His ebullient nature and sheer physical presence on campus are legendary. At Cal sporting events, he is as ubiquitous as mascot Oski, pacing the sidelines at every football game, and never passing up a men's or women's basketball game. There are tales of him walking the campus and picking up trash, visiting Moffitt Library at 3 a.m. during finals week, teaching a freshman seminar, shaking thousands of hands at the annual reception for incoming freshmen, chatting with students in the dorms, encouraging them to relax and get enough sleep, and, encountering one student munching a candy bar, reminding them to eat a healthy diet.
His early days as chancellor were beset by a series of disasters of biblical proportion. A deadly fire roared through a fraternity house, a crazed gunman seized a group of student hostages in a popular local pub, a massive blaze raged through the Oakland-Berkeley Hills, and a street person tried to assassinate Tien and his wife in University House. Tien was always on the scene, personally providing aid and comfort to the victims and their loved ones, rallying them to rebuild their lives and their homes.
When a recession battered California, the state took a chain saw to the university budget, student fees more than doubled, and 453 senior faculty took early retirement. Tien fought hard to hold onto Berkeley's world class faculty, staving off a third wave of early retirements by threatening to quit himself.
Then, just when it seemed Tien had things back on an even keel, the Regents voted to ban the use of race, ethnicity or gender in university admissions and hiring, undercutting Tien on an issue that had become one of the signatures of his administration. Through it all, Tien not only has persevered, he has triumphed.
Consistency has been Tien's lodestar. "On Feb. 5, 1990, when I was appointed chancellor," he says, "I set four goals. Those goals have not changed." Tien pursues his goals with a Teflon eye for detail and a laser-like focus on the big picture. At breakfast with the Sunday papers during a fund-raising trip to Europe, a traveling companion asked about the French Open. Tien, who had glanced at the sports page and read the main news section, rattled off the set scores without looking up from the business page.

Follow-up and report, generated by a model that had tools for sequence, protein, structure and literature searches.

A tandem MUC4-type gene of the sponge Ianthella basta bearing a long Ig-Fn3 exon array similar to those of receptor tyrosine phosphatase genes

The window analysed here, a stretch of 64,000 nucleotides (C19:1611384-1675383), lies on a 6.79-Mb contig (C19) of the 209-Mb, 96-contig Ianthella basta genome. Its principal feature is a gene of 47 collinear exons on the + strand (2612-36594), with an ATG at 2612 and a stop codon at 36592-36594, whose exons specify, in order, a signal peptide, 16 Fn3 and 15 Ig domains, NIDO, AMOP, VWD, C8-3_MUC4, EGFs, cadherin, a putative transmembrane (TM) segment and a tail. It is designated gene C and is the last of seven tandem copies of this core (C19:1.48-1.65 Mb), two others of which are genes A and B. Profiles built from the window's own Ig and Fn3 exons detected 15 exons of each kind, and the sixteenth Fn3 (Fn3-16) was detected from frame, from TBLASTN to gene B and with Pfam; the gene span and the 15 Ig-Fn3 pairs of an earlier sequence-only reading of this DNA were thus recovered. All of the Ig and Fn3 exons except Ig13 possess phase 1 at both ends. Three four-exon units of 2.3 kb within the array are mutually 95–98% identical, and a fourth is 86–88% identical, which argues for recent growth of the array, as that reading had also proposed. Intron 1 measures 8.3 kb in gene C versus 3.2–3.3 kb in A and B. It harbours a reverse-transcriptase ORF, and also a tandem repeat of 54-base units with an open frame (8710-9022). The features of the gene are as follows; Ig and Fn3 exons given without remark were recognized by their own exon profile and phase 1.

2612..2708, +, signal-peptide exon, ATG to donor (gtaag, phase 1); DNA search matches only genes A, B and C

His insatiable appetite for detail never clutters his view of the big picture. "He's very careful about how he spends his time," says Cummins. Tien pays close attention to his calendar to make certain he has time each day to read, think and reflect. "I spend time every day thinking about what I want to accomplish," says Tien. "It may be only a few minutes on an airplane, but I try to bring everything back to my four objectives."
Maintaining the excellence of Berkeley's faculty and its academic programs is at the top of his list. Despite deep funding cuts, Tien has vigorously fought off raids on Berkeley's faculty and battled to attract bright young academics. Professor David Patterson, who turned down a $100,000 raise from a prestigious Eastern university to stay at Cal, said he did it because of his faith in Tien's ability "to lead us out of this mess battered but intact." Patterson's faith was rewarded last year when the National Research Council rated Berkeley the finest research university in the nation.
Tien's second major concern has been to ensure that Berkeley's reputation as a world class research university is not maintained at the expense of undergraduate education. He has added lower division seminars and expanded research opportunities for undergraduates, increased computer labs, and upgraded information technology and multimedia capability.
In 1995, Tien was named to a National Commission on Educating Undergraduates in the Research University. Yale historian Jaroslav Pelikan, who serves with Tien, quickly became a fan. Says Pelikan, "I was extremely pleased that someone who leads one of the great research universities should have as clear a sense of the teaching vision as he does - and an almost moral commitment to that vision."
While Tien's academic triumphs are widely recognized by his peers, the public is more aware of his efforts as a prodigious fund-raiser and a champion of diversity. Under his leadership, Cal has raised private support to record levels and recently launched a $1.1 billion fund-raising campaign, the most ambitious ever undertaken by a public university. While capitalizing on a high public profile to generate financial support, Tien has quietly defused town and gown conflict. Realizing a third goal, few chancellors have been as popular as Tien with students and the local community.
A nationally recognized advocate of equal opportunity, Tien has worked like a draft horse to increase diversity. As a result of his own immigrant experience, it is perhaps the most personally felt of his four goals. Pleased by the positive atmosphere on campus, Tien savors the sense of community shared by students, faculty and staff.